– Rand al'Thor
    Commented Jan 18, 2017 at 20:51
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    @Vixen It's worth noting that this statement doesn't necessarily imply asexuality. (It's a common and harmful trope in media to portray asexuals as cold, impersonable, calculating, balanced people.) I'd be willing to accept it historically, though, because at the time that's how it might be portrayed.
    – user80
    Commented Jan 19, 2017 at 12:45
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    @Emrakul Holmes says, "love is an emotional thing, and whatever is emotional is opposed to that true cold reason which I place above all things. I should never marry myself, lest I bias my judgment."
    – Rand al'Thor
    Commented Jan 19, 2017 at 12:47

It should be noted that the Sherlock Holmes stories (with exception to "His Last Bow", "The Adventure of the Mazarin Stone", "The Adventure of the Lion's Mane", and "The Adventure of the Blanched Soldier") are entirely narrated by Dr. Watson, who could be unaware of his friend's feelings towards him if this is an unrequited love Holmes has for Watson. Throughout the stories, Watson remains fairly oblivious to Holmes's true emotions, with the only time he really becomes aware that Holmes has any sort of feelings for him, romantic or otherwise, being during the infamous scene in "The Three Garridebs" when Watson is shot in the leg and Holmes panics, thinking that his friend may be fatally injured. Once Watson has confirmed that he is alright, Holmes tell Evans, the man who shot Watson, "If you had killed Watson, you would not have got out of this room alive," and Watson notes that, "It was worth a wound - it was worth many wounds - to know the depth of loyalty and love which lay behind the cold mask." This is the one time that readers, as well as Watson himself, are made of aware of the love that Holmes is capable of feeling, and indeed does feel for Watson, despite Holmes's own claims that he is an emotionless being. If Holmes is so good at hiding even the fact that he cares for Watson at all, is it really such a stretch to assume that Holmes could be hiding romantic feelings for his friend as well?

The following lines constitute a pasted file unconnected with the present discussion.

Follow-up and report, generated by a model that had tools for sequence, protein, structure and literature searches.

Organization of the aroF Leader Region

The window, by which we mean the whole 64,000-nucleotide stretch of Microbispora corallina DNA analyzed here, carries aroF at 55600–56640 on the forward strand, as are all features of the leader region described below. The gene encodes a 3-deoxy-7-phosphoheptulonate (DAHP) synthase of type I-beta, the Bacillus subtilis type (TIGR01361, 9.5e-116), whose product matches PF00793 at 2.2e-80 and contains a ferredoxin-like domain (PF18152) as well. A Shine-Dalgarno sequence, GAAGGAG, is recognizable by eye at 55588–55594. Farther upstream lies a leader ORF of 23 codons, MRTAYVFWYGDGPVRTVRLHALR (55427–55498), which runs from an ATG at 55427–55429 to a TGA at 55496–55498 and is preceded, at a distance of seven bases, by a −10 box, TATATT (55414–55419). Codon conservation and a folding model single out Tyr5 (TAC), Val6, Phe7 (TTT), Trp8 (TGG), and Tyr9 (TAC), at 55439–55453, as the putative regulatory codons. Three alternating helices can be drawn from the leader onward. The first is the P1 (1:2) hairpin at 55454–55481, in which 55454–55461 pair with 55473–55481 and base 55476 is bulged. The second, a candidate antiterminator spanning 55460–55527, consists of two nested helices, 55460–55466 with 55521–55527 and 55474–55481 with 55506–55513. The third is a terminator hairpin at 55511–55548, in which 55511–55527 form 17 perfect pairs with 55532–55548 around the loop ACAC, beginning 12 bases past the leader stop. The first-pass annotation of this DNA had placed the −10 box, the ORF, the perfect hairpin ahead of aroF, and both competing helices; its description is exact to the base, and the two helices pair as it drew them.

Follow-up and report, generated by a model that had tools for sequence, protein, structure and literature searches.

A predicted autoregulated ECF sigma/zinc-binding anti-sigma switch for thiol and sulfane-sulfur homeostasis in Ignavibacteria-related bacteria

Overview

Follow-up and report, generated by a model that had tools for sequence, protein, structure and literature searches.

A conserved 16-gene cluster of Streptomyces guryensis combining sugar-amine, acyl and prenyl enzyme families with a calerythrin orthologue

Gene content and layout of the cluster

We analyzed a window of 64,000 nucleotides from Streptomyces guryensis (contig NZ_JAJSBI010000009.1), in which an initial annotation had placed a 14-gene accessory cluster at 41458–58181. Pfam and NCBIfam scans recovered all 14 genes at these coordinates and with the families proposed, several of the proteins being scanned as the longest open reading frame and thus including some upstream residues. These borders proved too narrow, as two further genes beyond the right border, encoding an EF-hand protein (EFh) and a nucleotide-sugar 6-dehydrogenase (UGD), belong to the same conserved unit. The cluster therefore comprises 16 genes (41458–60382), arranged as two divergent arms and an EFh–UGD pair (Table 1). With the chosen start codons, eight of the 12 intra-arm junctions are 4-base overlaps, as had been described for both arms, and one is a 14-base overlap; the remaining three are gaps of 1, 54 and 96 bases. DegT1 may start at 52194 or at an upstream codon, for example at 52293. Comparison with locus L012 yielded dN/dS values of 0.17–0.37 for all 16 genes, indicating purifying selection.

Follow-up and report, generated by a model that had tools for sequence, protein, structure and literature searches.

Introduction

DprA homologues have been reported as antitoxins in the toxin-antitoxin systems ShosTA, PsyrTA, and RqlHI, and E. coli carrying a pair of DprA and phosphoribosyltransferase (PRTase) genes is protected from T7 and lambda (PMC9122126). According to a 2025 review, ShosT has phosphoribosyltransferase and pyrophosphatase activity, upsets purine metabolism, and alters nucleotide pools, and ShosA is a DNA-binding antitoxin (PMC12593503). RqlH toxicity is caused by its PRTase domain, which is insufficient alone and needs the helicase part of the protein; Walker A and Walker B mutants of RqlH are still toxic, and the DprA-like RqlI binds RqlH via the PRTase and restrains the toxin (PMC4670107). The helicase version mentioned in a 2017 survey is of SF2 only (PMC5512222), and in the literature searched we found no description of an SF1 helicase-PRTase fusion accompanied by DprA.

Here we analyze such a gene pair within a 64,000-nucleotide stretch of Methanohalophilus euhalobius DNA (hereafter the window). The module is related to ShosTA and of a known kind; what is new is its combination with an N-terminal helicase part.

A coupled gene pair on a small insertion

Something that should also be taken into consideration was that in the time Watson is supposedly documenting his adventures with Sherlock Holmes, homosexuality was considered a serious crime, although that did not stop certain people from engaging in homosexual love affairs. However, if Holmes and Watson had been in a romantic relationship, it is not likely that Watson would have wanted to disclose it to the public, which ties into the original poster's comment about Watson not explaining why he and Holmes had left London for several weeks in 1895. If Watson had been a real person having a love affair with another man in the late 1800s, it would make sense that he would edit details of his relationship with Holmes when recounting their stories, and even make Holmes seem more averse to romance than he actually was so that readers would not suspect anything. All this is not to say that Arthur Conan Doyle intentionally queer coded Holmes and Watson's relationship, just that there are certainly arguments that can be made for the two characters being romantically involved, or at least for Holmes being in love with Watson.

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    Question is old, but this is in fact a better answer. Given that our PoV is Watson, we don't really know what Holmes' sexual orientation may have been, only what Watson can infer from about it from the information he has. Just because Watson may have assumed the guy was straight or asexual doesn't mean he actually was.
    – T.E.D.
    Commented Jun 1, 2018 at 20:07